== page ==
In the summer of 1986, I spent a couple of weeks at my dad's house in The Laurentians, north of Montreal. It was beautiful there, but as a city kid, I'd been going a little stir crazy in the wilderness and needed to get out, to be with "my people" so to speak. So, when my older cousin came to visit, I begged her to take me to a local alternative bar called Le B-52. The bar itself is long gone, but my cousin still talks about that night to this day. Pale as a ghost and dressed in black from head to toe, I was in my element, but my poor cousin, 12 years my senior and married with children, felt rather out of place. However, what struck her, and why she talks about that night to this day, was that these teenage misfits, myself included, were all dancing and singing along to David Bowie. We happened to go there the night a Bowie cover band, all underage, were performing in the back lot. Let's sway, under the moonlight, the serious moonlight...

For me, it was magical. For my cousin, it was surreal. She couldn't wrap her head around the fact that a bunch of freaky, little kids knew all the lyrics to The Man Who Sold The WorldChanges, Ziggy Stardust, Suffragette City, HeroesThe Jean Genie, Rebel Rebel, Young Americans; all songs she had grown up with. I tried to explain it to her. Of course, this was the year Labyrinth had been released and Bowie was the Goblin King, and he was our king! However, despite our young age, we were all acutely familiar with the numerous reincarnations of our king over the years: Major Tom, Ziggy Stardust,  Aladdin Sane, The Thin White Duke. To my cousin, he was merely a rock star. To us, he was our fearless leader, the innovative enigma responsible for changing the face of music, and we all knew it. And these children that you spit on, as they try to change their worlds, are immune to your consultations, they're quite aware of what they're going through...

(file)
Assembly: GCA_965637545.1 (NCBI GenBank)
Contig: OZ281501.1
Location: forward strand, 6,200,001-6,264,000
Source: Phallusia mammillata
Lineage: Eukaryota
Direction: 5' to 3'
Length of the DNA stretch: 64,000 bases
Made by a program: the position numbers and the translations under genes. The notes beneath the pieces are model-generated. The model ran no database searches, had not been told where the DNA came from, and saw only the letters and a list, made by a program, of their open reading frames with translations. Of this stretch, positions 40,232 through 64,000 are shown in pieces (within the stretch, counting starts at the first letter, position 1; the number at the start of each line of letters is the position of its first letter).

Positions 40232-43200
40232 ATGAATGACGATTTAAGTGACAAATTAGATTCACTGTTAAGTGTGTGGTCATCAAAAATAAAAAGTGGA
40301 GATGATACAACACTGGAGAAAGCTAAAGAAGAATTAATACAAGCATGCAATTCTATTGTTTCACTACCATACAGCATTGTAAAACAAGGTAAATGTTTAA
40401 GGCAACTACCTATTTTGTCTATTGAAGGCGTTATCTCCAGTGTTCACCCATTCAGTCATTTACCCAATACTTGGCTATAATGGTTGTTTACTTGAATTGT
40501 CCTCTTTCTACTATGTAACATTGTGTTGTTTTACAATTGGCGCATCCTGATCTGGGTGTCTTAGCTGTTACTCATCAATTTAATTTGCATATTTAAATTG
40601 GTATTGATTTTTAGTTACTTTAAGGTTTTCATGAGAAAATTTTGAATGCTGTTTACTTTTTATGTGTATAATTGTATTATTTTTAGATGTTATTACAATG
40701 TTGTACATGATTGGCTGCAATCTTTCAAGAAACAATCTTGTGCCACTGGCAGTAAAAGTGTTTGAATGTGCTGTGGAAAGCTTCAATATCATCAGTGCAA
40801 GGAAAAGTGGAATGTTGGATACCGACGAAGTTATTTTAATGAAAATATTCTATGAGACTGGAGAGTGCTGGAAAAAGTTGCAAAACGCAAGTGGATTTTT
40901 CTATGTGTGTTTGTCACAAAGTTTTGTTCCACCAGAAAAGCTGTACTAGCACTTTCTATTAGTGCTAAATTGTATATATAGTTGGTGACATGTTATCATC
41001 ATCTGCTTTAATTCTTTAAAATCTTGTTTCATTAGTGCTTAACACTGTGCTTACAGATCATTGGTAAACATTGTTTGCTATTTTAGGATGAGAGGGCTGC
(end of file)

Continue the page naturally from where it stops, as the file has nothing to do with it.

The following year, I got to see David Bowie live in Montreal on The Glass Spider Tour. The supporting act was Duran Duran. It was a dream come true, an indescribable experience I will never forget. I've been fortunate enough to see Duran Duran live several times since then, but I never had the opportunity to see Bowie live again.  Despite being seated in the nosebleeds, words simply cannot express how grateful I am to have had that experience. We scanned the skies with rainbow eyes and saw machines of every shape and size...

I only wish I could have met him. I wish I could have thanked him. Perhaps someday, I will. There's a starman waiting in the sky, he's told us not to blow it, 'cause he knows it's all worthwhile...

David Bowie's departure has left a void that I can't even begin to put into words. Yet, with his parting gift, the remarkable album, Blackstar, released on his 69th birthday only two days before he died, he left us not only with a masterpiece, but with a final lesson. He always made us believe that anything was possible, he never disappointed us, and he challenged us, right up until the very end.  With grace and dignity, he turned his death into a work of art. There is only one way to even attempt to fill this void and that is to create art, like he did, right up until the very end. You know, I’ll be free. Just like that bluebird. Now ain’t that just like me.